• An All-Electric Ford GT Could Dominate The Supercar Segment

The GT is one of the most celebrated nameplates of all time and a transition to electric could once again be history in the making

With an investment of $22 Billion towards electrification, Ford is betting big on EVs. Iconic names like the Mustang and North America’s best-selling vehicle, the F-150 (sold-out) have already taken the plunge with the Mach-E and the Lightning pick-up.

While these vehicles cater to a broader audience in terms of being accessible, what about cars at the other end of the spectrum? With such large investments toward EVs in the pipeline, it’s not hard to imagine heritage names like the GT could also make this transition. These exclusive renders from our sister outlet, Hotcars, should give you an idea of what a potential Ford E-GT could look like.

Overview

The swinging sixties were an amazing time in history. We put a man on the moon, the muscle car was born, and the Ford GT40 beat Ferrari at one of the fiercest endurance road races on the planet, Le Mans. It showed the world that the Blue Oval is so much more than a producer of mass-produced cars. The GT40 was proof that America has the grit and might to build a supercar, and as a result, its place in history is secure.


The GT sits at the top of the food chain of the American automobile. So prudent was its impact that when it came time to celebrate Ford’s centenary, it was the iconic GT name that was chosen to lead the charge. The first-gen GT was born. Production lasted for just two years. Fast forward about a decade and the second-gen GT debuted back in 2016. Having been in production for nearly six years already, it begs the question, what’s in store for the GT moniker next.

Ford E-GT Design

An All-Electric Ford GT Could Dominate The Supercar Segment
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Let’s talk design. Now with EVs, you don’t necessarily have to make room for an engine compartment. The electric motor doesn’t take up much space and you might as well put a box on wheels and call it a day. Okay, now that would be terrible for aerodynamics, but you get the idea right? EVs don’t necessarily have to follow the typical three-box layout that ICE cars have to adhere to. Having said that more and more automakers are still sticking to the traditional form factor because, hey, design sells and instills a sense of familiarity amongst people. (period)

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There is no denying the fact that one look at this rendering and you can tell it is a GT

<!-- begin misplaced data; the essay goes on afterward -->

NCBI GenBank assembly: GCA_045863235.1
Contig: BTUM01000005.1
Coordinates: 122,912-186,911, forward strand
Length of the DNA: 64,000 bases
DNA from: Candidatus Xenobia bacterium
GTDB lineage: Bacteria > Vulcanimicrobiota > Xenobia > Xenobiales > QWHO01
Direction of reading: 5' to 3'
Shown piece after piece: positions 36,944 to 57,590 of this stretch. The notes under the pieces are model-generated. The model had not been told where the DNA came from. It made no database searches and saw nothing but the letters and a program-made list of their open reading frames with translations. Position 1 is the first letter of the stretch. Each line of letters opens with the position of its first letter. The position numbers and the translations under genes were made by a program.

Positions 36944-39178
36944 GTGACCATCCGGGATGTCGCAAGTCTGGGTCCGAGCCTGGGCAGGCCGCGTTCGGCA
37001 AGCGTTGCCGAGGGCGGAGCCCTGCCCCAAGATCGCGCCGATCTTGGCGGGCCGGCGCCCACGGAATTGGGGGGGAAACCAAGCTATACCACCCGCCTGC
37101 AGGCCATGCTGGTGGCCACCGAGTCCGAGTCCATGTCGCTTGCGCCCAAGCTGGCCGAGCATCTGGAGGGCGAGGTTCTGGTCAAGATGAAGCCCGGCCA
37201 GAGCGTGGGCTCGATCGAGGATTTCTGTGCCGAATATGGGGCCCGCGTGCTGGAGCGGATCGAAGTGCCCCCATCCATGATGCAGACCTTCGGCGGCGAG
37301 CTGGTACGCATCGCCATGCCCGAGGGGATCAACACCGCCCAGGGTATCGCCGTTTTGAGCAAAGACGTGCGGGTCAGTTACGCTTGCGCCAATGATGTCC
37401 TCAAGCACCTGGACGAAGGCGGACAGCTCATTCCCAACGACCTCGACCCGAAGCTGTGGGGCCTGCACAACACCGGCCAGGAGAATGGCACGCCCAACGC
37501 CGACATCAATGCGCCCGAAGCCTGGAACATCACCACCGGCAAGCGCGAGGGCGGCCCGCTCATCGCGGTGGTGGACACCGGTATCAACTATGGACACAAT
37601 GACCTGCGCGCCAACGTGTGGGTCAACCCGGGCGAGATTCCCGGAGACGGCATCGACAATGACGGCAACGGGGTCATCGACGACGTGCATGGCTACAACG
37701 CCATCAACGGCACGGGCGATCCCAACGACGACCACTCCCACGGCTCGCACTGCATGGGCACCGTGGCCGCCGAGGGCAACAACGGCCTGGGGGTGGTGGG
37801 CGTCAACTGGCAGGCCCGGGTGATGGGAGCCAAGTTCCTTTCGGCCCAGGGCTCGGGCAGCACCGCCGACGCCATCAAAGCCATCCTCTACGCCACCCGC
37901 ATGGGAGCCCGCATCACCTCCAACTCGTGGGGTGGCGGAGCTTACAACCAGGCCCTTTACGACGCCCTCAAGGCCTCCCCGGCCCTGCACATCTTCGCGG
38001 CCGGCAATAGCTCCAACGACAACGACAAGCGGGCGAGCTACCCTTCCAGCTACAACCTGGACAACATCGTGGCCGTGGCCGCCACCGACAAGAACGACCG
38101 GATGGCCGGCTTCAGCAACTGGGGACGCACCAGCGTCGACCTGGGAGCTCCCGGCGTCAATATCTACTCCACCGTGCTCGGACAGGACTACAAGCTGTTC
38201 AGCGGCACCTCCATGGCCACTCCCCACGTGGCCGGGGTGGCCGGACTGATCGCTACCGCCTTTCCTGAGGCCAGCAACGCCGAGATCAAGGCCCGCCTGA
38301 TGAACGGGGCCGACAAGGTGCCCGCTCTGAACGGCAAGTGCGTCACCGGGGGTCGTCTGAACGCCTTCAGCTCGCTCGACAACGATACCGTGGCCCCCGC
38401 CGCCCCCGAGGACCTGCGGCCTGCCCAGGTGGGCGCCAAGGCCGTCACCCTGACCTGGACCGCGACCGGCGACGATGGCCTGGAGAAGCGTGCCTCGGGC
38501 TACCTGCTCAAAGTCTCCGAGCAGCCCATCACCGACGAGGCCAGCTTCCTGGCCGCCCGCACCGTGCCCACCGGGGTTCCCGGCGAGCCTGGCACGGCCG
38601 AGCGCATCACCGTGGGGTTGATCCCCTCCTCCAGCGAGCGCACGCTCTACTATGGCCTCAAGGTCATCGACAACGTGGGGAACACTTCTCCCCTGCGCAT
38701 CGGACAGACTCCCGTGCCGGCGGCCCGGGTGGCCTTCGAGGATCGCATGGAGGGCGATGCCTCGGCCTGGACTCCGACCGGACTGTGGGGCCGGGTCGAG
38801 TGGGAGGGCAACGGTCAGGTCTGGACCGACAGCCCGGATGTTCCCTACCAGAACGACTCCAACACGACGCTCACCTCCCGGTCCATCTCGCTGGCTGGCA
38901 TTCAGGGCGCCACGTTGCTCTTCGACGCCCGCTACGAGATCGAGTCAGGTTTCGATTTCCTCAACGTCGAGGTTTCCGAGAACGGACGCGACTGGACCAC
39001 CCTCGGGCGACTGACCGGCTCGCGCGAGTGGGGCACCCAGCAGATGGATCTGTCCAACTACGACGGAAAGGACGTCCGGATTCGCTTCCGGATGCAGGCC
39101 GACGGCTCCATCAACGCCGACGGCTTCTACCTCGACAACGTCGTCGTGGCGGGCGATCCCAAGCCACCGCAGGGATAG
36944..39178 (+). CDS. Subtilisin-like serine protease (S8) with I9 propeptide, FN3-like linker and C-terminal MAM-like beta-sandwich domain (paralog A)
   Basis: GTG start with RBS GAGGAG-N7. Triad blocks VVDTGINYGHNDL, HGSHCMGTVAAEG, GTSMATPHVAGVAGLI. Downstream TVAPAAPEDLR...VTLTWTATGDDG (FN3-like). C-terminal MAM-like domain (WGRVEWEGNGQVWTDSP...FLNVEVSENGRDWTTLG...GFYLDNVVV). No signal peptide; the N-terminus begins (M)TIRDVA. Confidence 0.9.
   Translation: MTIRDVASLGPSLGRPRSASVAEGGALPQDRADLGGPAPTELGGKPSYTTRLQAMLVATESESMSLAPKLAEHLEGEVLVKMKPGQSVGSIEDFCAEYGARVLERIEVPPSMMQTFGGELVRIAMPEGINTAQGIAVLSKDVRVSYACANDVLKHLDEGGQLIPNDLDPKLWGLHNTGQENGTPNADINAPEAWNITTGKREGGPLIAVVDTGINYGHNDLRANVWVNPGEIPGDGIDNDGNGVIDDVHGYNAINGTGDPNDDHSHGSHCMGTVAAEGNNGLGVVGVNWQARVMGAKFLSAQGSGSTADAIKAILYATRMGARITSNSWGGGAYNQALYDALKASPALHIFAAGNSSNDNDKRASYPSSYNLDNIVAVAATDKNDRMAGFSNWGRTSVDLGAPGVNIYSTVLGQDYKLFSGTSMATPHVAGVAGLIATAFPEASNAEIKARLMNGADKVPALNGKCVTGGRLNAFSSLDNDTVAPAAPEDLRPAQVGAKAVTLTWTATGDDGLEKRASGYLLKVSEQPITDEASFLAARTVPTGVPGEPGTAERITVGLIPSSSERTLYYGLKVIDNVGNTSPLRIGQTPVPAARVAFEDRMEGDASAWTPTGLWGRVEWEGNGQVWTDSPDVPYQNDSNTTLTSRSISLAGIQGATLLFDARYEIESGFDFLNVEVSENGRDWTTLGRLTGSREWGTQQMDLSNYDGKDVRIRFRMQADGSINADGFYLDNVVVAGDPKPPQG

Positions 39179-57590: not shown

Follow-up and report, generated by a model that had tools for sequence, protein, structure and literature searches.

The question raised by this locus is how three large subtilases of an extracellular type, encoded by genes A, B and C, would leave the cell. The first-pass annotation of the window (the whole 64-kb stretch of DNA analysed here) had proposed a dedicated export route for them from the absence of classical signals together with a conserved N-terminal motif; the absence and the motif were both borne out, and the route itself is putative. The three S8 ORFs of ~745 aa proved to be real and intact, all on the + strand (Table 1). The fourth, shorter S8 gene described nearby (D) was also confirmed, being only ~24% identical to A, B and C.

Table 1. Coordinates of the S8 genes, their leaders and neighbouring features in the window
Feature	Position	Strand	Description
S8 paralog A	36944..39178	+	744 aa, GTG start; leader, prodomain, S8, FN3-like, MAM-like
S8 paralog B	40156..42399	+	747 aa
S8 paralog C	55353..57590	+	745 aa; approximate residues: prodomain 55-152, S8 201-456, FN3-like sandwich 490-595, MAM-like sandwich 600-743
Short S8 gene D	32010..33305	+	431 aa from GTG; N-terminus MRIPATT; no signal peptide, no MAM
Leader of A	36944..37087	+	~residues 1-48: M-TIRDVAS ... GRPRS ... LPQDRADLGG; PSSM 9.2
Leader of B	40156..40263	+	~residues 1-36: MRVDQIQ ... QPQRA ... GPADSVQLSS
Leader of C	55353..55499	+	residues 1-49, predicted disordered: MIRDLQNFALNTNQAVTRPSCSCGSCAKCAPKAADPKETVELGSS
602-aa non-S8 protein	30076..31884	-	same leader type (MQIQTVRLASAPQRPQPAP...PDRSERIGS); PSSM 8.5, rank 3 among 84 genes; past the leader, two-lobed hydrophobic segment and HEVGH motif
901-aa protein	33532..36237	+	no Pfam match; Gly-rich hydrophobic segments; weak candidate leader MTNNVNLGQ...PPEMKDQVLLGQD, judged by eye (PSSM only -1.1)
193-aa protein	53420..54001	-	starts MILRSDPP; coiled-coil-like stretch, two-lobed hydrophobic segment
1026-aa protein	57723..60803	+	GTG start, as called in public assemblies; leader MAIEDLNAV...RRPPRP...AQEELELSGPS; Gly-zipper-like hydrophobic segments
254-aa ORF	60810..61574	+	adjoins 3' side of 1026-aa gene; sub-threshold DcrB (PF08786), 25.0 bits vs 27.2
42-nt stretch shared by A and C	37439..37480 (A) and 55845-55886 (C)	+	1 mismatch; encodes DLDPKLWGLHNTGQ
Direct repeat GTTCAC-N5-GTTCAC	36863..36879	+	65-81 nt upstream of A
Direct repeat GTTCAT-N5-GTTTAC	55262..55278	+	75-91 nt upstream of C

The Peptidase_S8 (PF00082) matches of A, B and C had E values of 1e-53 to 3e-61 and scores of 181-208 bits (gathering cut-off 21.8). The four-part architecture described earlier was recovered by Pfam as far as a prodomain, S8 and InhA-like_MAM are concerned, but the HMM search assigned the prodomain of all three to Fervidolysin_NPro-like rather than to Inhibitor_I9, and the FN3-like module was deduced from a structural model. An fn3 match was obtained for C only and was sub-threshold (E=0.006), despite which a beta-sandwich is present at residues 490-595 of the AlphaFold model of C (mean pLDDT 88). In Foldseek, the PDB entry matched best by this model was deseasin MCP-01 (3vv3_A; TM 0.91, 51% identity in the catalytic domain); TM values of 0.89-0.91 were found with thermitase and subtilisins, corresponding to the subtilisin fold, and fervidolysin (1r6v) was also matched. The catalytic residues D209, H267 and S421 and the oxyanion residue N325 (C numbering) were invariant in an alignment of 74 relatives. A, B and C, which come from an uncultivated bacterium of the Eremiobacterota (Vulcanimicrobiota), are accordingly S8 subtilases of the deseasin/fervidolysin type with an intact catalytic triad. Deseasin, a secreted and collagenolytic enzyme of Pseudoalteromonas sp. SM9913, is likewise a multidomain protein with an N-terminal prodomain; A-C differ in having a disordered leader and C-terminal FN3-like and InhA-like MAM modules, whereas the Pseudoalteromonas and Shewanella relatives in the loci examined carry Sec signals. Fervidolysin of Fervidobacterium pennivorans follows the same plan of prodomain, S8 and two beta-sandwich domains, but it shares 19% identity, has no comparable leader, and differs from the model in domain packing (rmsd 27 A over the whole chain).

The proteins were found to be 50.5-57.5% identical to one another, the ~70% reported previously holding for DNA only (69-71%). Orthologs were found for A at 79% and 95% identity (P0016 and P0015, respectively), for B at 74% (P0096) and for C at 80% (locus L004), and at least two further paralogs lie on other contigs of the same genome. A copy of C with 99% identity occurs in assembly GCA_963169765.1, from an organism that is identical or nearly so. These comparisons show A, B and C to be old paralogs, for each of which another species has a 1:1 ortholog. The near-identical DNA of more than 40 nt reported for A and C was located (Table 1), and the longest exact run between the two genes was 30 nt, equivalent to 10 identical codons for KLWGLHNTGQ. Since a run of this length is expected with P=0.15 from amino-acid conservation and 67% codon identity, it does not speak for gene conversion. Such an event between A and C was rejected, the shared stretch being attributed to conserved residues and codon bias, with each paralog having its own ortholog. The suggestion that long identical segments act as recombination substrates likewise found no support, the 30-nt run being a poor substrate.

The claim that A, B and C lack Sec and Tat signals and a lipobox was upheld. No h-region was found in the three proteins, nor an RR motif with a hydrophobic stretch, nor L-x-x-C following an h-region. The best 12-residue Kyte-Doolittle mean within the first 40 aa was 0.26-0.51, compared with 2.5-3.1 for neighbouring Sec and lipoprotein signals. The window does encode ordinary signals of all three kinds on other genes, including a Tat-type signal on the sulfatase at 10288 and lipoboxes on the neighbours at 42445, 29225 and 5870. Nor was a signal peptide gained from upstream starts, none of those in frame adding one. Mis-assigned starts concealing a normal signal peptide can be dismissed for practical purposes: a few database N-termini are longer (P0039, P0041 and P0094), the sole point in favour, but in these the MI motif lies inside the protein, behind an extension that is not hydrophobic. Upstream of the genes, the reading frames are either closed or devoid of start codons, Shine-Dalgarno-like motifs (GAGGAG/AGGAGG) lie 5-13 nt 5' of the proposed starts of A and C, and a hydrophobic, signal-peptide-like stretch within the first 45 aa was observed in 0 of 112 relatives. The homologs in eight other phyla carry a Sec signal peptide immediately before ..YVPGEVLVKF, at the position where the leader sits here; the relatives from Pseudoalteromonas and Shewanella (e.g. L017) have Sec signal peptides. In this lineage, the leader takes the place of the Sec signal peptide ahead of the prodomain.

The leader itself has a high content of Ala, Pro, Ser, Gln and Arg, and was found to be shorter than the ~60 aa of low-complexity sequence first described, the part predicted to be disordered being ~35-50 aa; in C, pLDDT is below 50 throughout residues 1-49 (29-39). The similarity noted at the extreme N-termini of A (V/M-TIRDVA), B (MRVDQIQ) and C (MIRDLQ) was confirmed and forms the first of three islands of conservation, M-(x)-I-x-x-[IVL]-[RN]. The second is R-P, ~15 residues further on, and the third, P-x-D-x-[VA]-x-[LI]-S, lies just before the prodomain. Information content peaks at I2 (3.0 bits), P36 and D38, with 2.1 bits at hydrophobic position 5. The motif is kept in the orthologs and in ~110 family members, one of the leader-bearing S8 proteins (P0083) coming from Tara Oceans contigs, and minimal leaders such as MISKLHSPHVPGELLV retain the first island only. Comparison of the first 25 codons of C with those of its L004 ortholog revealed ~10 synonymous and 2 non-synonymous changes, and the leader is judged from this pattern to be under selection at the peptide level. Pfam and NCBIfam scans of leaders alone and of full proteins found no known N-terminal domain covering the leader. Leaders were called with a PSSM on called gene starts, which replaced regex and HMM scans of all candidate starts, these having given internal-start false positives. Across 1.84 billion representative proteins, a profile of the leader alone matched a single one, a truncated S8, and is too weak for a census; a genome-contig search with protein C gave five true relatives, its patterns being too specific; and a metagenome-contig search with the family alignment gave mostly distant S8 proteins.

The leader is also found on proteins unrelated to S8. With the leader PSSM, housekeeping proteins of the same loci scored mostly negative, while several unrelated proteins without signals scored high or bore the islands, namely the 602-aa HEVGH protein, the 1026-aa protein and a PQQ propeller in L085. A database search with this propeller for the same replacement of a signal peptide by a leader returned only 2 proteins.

With that, let’s take a look at this mock-up of what could be a potential E-GT. The basic form is identical to the ICE car. The digital artist has imagined the E-GT in a bunch of colors, and the all-carbon edition looks rather menacing. So what’s changed as opposed to the ICE car? Well, the big air intake on the face has been closed off on the E-GT and you’ve got more futuristic-looking lights up front. You’ve also got closed-off-aero wheels, that wear the Ford name proudly, and I’m especially a big fan of the electric blue highlights along the sill and on the wheels - a detail that signifies this is an all-electric GT.

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In the rear, the most obvious change is the missing exhaust pipes. Instead, there’s got a big black slab with two holes punched out with this entire panel having a wrap-around tail-light element. The spoiler and diffuser are similar to the ICE car.

Electric Performance?

An All-Electric Ford GT Could Dominate The Supercar Segment
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Now the biggest challenge with any EV apart from the driving range, of course, has to be the added weight that comes with the battery pack. This is even more true for cars that are touted to be high-performance EVs. Thankfully, the second-generation Ford GT is already made completely from Carbon-fiber and has a curb weight of just 3,154 pounds. Ford may have to optimize the suspension and brakes to balance things out. As for packaging, the GT is a low-slung supercar and the placement of the battery pack would certainly have an impact on the center of gravity.

As for horsepower, it’d better be somewhere in the ballpark of 2,000 horsepower as that’s what most current EV hypercars like the Dues Vayanne, Rimac Nevera, Estrema Fulminea, the Pininfarina Battista, and the Tesla Roadster (if and when it arrives specs TBA) are dishing out. Now how it would make its power. Maybe a dual motor or even a quad motor setup would be ideal for something like an E-GT. Again this is pure speculation. So far, the Cobrajet 1400 EV has put up a great show and gives us a good idea of how Ford Performance is embracing the EV revolution.

Will Ford Launch An All-Electric Ford GT?

An All-Electric Ford GT Could Dominate The Supercar Segment
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So could the iconic GT make this transition into the EV world? I for one think that it most certainly should. With its timeless shape and the right numbers, the E-GT could potentially set the benchmark for the next generation of all-electric hypercars. We’ll have to see if fiction can turn into reality. Watch this space.

Source: HotCars | Timothy Adry Emmanuel

Khris Bharath
Khris Bharath
Khris is a classic car aficionado and adores his Jags and Alfas, although he keeps tabs on everything from super exotics like an old EB 110 to the latest from Lucid. Formula One is very close to his heart, and he diligently makes time to tune in for the Grand Prix on Sundays. Khris also loves his road trips and he prefers stick shift over an Auto any day.  Read full bio
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